According to the October 2020 report of the International Monetary Fund (IMF), even though the per capita GDP of Bangladesh was 40% lower than that of India just 5 years ago, we have overtaken them.
During the 60s and 70s, when East Pakistan was facing all sorts of oppression, suppression, and discrimination by the West Pakistan, our annual income was US$5.31, literacy rate was just 17%, and as much as half of the countrymen were malnourished. The development curve was not steep, and the 9-month-long War of Independence just made it worse to the point that the United Nations (UN) estimated the reconstruction cost of the country to be about US$938 million.
When Bangabandhu Sheikh Mujibur Rahman, the father of the nation, was to rebuild it from what was left after attaining liberation, many questioned the viability of his plans as the task was indeed daunting and seemed close to impossible. But due to the hard work and dedication of all the farmers, garments force, factory workers, and every other person with a job, slowly but surely the tables are turning.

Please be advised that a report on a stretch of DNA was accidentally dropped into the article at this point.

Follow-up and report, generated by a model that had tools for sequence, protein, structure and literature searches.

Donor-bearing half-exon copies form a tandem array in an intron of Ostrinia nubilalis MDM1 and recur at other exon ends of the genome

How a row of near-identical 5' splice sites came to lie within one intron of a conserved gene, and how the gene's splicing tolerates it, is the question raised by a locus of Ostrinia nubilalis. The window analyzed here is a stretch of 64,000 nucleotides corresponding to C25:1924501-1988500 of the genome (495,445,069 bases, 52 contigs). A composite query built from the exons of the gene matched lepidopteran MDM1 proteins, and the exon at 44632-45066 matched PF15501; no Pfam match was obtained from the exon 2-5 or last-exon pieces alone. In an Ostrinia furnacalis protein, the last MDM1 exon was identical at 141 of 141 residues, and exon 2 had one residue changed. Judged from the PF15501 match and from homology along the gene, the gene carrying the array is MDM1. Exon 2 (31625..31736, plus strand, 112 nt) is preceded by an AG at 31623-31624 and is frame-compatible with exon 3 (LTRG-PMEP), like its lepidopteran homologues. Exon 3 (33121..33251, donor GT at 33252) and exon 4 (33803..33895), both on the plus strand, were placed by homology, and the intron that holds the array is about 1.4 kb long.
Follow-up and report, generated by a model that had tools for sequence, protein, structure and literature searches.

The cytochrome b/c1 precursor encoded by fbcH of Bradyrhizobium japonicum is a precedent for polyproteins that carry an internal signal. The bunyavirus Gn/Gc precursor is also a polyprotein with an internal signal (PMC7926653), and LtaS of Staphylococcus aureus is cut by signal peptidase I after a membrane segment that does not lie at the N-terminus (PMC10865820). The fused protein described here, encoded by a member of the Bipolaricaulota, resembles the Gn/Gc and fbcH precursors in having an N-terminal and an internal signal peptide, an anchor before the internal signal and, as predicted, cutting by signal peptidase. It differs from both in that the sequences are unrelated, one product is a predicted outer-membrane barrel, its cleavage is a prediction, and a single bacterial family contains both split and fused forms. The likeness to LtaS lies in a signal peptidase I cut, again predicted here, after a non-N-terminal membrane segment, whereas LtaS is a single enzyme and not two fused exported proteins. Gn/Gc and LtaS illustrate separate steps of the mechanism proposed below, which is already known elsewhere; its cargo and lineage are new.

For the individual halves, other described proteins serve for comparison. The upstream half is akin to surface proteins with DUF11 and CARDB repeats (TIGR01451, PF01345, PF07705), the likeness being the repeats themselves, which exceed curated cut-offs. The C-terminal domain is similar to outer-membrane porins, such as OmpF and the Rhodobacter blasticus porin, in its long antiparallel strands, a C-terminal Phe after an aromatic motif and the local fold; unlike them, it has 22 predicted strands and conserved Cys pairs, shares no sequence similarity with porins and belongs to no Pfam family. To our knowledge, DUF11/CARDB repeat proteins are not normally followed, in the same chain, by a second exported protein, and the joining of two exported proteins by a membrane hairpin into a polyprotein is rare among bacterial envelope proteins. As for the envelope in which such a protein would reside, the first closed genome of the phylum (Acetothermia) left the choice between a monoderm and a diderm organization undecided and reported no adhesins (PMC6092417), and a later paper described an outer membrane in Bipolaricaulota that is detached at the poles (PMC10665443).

Last year, Sheikh Hasina, the prime minister of Bangladesh, stated that the country has the 4th highest production of rice, 2nd highest of jute, 4th of mangoes, 5th of vegetables, and 4th of inland fisheries in the world! The country has been undergoing 6% of growth since 2009, is 1 of the most crucial entities in the global textile industry, and won the ‘South-South Award’ in 2013 for poverty alleviation progress.
According to a UK-based firm, PwC, the country is set to become the 23rd largest world economy within the next 30 years. It has the potential to become a prominent economic hub in South Asia, and in 2018, Bangladesh was already the 2nd highest recipient of foreign direct investment in the region, increasing from US$700 million in 2009 to US$3613 million.